If the original “X-Men” film had not been so successful, “The League of Extraordinary Gentlemen” would have never been made. This loud film is much more a showcase of special effects than an attempt to give the audience anything worthwhile.
“The League” is yet another film adaptation of a comic book. This year has already seen several comic adaptations including “Daredevil,” “The Hulk” and “X-Men 2.” “The League” is the least known comic of the group, thus far the least successful film at the box office, and by far, the worst film of the four.
“The League” tells the story of several heroes, drawn from literary classics, who band together to defeat a common enemy. These heroes include an adult Tom Sawyer, an aged Allan Quartermain, Dr. Jekyll/Mr. Hyde, Dorian Gray, the Invisible Man, Captain Nemo, and a woman who was bitten by none other than Dracula himself. The fact that all of these people exist in one place and time is an intriguing starting point for a film.
So, the film’s set-up is not the problem. The problem comes as they begin their adventure. This collection of odd colleagues must attempt to save the world from war and destruction. (That is almost always the threat in films that try too hard.) The plot lacks logic in many ways, drags often, and really only works to connect effects sequences.
Some of the sets are impressive and are used well in certain moments. The shoot-out in the library, which causes a blizzard of pages to fall from destroyed books, is the best effect in the film. Later, snow is used for an actual blizzard scene, but it seems to fall only during particular moments in the action and not during others. The expensive effects definitely work better in some shots than in others. The Nautilus never looks real. As with many high action sequences, the cinematography confuses as often as it reveals the actions of the characters onscreen.
The only part of the story that has real potential is the pseudo-father-son relationship between Quartermain and Sawyer. A better film may have been made if these two literary creations had been the only two heroes of the story. More time could have been spent on their past and the development of the bond between them.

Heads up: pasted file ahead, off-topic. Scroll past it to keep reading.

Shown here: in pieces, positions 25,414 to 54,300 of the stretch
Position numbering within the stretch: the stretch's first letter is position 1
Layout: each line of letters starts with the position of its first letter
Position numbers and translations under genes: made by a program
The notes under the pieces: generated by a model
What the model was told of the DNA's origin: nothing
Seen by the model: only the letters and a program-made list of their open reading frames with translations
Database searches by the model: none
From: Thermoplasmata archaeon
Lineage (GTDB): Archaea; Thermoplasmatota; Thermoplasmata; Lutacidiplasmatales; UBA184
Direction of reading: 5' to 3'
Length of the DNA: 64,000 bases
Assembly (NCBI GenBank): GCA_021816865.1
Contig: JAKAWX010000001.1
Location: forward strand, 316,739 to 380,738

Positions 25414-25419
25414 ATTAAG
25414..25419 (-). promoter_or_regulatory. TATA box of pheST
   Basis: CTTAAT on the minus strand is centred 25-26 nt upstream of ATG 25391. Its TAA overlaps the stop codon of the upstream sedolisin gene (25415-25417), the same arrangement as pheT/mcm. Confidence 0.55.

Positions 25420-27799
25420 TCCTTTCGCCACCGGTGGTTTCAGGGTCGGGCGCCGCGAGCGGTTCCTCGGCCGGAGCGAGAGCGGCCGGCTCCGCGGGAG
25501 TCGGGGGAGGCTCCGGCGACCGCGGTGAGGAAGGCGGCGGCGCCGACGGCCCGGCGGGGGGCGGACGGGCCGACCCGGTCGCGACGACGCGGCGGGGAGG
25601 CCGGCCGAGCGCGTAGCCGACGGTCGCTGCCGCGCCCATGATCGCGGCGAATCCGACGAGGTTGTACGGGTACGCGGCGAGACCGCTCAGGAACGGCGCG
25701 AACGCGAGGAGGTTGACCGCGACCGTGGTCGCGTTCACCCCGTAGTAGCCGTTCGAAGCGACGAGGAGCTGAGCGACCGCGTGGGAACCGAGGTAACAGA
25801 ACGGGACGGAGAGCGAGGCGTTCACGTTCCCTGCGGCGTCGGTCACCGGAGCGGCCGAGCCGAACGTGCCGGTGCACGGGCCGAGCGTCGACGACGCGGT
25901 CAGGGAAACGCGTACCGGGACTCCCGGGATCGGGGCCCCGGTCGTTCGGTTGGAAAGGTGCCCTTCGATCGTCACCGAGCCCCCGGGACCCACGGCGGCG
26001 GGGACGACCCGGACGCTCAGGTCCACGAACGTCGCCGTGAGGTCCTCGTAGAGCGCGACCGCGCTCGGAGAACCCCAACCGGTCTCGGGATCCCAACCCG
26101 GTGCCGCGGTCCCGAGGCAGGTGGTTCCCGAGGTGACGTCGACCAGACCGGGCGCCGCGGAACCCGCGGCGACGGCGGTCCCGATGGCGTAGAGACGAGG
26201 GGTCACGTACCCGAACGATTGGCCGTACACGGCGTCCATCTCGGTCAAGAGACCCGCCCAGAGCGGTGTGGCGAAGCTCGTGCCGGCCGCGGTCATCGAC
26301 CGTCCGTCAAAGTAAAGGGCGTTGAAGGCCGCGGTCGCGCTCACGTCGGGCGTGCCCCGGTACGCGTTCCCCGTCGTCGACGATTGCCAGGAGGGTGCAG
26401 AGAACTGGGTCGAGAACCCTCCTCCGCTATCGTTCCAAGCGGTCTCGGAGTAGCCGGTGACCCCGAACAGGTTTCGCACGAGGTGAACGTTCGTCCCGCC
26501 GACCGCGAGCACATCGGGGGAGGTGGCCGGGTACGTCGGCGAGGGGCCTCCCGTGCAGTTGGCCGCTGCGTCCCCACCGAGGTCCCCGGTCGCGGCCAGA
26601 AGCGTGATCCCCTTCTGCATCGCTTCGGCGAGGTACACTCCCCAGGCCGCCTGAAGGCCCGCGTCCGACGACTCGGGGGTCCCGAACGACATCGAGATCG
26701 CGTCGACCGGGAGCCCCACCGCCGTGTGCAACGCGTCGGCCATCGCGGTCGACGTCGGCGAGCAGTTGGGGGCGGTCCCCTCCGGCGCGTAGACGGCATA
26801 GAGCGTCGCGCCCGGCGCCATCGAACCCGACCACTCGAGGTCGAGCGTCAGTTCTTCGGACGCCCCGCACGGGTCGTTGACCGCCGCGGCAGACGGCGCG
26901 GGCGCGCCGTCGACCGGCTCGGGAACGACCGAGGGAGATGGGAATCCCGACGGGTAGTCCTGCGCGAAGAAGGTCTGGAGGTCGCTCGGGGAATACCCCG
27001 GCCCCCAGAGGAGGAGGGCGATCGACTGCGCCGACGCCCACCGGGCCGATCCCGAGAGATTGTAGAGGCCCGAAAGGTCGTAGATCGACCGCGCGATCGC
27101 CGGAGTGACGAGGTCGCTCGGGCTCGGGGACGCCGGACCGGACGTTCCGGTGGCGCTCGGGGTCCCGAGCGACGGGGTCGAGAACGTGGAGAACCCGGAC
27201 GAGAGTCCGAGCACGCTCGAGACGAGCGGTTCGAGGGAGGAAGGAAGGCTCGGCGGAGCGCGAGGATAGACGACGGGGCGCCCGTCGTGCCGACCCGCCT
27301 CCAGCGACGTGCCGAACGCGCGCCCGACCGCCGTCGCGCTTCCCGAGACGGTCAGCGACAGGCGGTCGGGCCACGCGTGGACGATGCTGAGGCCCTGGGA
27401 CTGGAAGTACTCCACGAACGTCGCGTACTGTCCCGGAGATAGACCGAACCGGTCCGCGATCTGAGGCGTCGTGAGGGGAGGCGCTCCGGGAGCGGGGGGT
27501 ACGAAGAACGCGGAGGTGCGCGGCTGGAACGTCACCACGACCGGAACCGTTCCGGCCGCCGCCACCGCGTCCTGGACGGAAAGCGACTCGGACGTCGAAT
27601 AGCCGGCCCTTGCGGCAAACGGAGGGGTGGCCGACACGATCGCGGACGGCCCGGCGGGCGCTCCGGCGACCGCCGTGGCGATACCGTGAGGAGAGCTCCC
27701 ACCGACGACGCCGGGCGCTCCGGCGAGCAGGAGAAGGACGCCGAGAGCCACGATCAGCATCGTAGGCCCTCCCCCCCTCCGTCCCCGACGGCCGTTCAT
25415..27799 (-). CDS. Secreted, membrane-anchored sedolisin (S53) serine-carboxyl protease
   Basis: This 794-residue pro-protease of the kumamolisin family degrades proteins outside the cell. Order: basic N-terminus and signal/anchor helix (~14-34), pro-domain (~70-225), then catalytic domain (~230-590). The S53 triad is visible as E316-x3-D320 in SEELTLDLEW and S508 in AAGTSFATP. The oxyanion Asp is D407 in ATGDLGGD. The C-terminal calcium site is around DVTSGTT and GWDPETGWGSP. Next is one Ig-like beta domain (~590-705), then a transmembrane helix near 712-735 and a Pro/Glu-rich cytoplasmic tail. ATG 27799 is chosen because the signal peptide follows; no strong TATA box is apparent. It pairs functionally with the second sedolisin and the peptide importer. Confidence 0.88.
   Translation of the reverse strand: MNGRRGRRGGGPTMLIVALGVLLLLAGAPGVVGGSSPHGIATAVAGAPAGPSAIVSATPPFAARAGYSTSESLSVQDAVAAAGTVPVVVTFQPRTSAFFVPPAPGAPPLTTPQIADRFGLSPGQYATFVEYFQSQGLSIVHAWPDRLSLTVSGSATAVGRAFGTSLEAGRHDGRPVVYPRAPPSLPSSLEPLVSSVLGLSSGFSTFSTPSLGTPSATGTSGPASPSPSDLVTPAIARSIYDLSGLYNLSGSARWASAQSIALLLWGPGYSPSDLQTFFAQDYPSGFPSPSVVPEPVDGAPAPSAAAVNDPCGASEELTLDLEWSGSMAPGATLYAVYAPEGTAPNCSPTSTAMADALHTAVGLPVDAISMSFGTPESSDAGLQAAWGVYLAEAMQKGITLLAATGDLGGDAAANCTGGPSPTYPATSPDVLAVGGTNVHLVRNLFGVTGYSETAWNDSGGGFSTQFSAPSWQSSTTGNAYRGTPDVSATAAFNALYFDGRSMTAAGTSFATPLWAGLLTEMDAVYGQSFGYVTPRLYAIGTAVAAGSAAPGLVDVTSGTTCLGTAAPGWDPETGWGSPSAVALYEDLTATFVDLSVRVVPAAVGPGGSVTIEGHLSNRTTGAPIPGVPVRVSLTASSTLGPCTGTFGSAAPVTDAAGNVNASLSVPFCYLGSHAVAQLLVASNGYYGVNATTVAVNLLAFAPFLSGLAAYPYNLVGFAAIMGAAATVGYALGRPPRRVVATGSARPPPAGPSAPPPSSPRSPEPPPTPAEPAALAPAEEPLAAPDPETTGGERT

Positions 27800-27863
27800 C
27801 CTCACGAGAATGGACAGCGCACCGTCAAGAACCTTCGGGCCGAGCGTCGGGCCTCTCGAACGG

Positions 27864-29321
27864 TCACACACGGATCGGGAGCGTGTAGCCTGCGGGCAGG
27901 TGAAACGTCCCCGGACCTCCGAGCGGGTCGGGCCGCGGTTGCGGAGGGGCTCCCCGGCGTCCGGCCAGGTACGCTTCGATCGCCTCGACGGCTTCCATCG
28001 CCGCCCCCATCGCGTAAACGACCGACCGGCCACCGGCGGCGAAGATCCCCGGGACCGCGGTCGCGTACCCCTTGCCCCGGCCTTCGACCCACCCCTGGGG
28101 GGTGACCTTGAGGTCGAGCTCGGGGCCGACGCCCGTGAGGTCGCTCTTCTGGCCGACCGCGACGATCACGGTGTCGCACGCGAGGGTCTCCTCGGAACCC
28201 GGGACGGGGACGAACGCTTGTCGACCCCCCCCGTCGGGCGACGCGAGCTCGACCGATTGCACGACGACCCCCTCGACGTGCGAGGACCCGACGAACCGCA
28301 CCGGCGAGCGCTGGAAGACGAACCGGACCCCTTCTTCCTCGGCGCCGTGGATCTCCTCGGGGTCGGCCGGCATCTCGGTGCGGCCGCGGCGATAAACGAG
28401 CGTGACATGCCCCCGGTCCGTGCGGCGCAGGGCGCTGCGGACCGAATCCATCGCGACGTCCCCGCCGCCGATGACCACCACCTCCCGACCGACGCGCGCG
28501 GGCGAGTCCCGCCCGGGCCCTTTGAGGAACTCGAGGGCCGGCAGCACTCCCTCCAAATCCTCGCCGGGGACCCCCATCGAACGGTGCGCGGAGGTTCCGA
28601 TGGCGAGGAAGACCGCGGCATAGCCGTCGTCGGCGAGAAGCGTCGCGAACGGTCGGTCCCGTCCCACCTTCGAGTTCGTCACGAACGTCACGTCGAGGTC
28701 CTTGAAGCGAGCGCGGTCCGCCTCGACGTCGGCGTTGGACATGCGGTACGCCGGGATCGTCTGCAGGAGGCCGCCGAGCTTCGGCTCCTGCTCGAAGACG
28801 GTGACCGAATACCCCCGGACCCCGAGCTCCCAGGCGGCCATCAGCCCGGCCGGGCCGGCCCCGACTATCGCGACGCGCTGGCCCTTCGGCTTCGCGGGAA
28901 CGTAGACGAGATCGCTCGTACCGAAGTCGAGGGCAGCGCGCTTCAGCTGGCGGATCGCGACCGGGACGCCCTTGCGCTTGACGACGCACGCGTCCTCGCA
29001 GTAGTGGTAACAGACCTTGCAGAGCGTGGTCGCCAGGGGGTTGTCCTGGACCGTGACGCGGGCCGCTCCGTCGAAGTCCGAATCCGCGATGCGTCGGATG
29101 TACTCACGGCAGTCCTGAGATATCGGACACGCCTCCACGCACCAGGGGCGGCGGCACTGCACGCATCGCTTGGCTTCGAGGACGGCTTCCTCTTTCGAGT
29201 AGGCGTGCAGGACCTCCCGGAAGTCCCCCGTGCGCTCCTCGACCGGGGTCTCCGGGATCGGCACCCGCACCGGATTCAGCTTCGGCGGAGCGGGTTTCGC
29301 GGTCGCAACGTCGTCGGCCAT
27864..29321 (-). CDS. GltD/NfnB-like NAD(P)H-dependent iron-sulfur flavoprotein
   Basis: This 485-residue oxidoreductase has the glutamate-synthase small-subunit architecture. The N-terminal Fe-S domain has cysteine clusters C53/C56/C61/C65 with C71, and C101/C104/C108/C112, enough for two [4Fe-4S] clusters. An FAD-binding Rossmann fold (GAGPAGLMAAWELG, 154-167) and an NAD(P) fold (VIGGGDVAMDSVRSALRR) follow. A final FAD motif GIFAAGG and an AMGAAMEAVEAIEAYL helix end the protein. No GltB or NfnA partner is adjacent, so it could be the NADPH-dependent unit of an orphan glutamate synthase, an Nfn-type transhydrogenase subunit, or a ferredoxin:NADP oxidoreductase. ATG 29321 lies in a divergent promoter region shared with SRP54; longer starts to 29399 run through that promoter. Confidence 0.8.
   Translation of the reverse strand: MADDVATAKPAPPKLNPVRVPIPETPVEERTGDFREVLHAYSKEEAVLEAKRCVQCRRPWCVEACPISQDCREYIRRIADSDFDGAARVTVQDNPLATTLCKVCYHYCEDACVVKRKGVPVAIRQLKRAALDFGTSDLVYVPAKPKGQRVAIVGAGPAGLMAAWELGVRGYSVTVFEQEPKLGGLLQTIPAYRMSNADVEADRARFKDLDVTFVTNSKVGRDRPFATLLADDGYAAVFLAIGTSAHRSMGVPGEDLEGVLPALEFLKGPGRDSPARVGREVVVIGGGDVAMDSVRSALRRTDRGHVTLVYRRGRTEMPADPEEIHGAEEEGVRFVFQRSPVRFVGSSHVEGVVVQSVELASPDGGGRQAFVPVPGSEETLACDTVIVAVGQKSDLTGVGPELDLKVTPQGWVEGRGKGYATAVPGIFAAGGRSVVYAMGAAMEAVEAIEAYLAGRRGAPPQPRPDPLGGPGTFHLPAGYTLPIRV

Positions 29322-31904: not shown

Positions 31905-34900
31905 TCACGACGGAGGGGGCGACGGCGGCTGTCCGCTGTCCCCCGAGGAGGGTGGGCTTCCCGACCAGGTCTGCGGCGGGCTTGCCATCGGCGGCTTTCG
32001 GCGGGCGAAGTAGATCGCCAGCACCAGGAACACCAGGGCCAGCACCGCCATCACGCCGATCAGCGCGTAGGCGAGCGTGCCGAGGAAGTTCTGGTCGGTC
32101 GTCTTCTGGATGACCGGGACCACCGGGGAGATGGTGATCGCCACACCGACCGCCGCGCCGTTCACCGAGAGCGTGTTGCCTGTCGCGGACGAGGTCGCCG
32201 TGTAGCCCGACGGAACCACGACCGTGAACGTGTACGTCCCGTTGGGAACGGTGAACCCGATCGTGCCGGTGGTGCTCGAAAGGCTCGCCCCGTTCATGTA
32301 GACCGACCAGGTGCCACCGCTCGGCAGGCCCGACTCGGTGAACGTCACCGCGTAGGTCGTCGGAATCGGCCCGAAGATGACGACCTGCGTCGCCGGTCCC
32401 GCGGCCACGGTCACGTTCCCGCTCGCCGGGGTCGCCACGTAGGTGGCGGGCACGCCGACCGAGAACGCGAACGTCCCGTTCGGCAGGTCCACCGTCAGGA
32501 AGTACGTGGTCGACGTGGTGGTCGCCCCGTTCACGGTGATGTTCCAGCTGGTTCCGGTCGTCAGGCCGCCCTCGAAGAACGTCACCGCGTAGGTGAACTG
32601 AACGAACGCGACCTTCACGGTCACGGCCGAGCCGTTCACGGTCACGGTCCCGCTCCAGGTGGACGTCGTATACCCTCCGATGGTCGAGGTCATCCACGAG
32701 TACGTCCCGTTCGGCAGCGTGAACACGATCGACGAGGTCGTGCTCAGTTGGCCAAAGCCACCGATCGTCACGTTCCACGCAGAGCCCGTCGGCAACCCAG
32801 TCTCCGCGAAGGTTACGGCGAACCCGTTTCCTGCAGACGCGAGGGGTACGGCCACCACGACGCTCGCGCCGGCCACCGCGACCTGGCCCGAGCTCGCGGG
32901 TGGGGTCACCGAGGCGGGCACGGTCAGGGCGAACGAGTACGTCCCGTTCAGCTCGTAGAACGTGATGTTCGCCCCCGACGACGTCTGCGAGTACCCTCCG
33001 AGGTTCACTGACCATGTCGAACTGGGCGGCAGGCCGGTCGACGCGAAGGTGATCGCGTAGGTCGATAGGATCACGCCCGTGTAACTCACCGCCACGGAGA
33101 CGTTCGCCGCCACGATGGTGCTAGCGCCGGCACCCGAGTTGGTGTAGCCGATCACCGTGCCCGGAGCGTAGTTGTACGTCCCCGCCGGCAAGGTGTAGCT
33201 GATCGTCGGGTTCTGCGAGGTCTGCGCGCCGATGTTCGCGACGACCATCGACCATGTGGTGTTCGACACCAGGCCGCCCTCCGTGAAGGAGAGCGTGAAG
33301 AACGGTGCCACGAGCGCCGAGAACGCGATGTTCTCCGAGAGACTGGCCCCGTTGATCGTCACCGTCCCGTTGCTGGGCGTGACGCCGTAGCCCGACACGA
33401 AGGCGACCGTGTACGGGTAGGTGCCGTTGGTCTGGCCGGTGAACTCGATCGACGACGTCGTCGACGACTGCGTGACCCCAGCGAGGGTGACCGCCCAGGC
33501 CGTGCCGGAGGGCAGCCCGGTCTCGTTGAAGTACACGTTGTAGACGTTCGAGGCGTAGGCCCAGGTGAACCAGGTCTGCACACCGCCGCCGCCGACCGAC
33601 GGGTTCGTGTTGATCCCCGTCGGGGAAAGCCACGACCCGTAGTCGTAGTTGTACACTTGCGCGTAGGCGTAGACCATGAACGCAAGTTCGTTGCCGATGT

Sean Connery was quite good playing Indiana Jones’ father in “The Last Crusade.” He may have succeeded here playing the surrogate parent to Tom Sawyer. Instead, it appears that Connery only desired to recapture his own youth by making one more action-adventure film where he got he got to play the hero. So the relationship between Quartermain and Sawyer is as predictable and one-dimensional as most everything else about “The League.”
If the film was only made because of the success of the “X-Men,” the filmmakers should have learned a lesson from that vastly superior film: Story and script do matter. The “X-Men” films have many spectacular effects and stunts, but between those moments there is intelligent dialogue and real emotion. In those films one cares about the characters and understands the story.
The makers of “The League” left character development, smart dialogue and plot on the table. They decided that great sets and effects were enough for a summer release. With the film struggling in a summer where “Finding Nemo,” “Pirates of the Caribbean”, “The Matrix Reloaded” and “X-Men 2” have all succeeded, those behind “The League” may learn an important lesson.
Then again, there will always be bad summer movies; that’s why real film fans live for the fall and winter seasons.
Roger Thomas is pastor of First Baptist Church in Albemarle, N.C.
MPAA Rating: PG-13 for intense sequences of fantasy violence, language and innuendo
Director: Stephen Norrington
Writer: James Dale Robinson
Cast: Allan Quartermain: Sean Connery; Captain Nemo: Naseeruddin Shah; Mina Harker: Peta Wilson; The Invisible Man: Tony Curran; Dorian Gray: Stuart Townsend; Tom Sawyer: Shane West; Dr. Jekyll/Mr. Hyde: Jason Flemyng.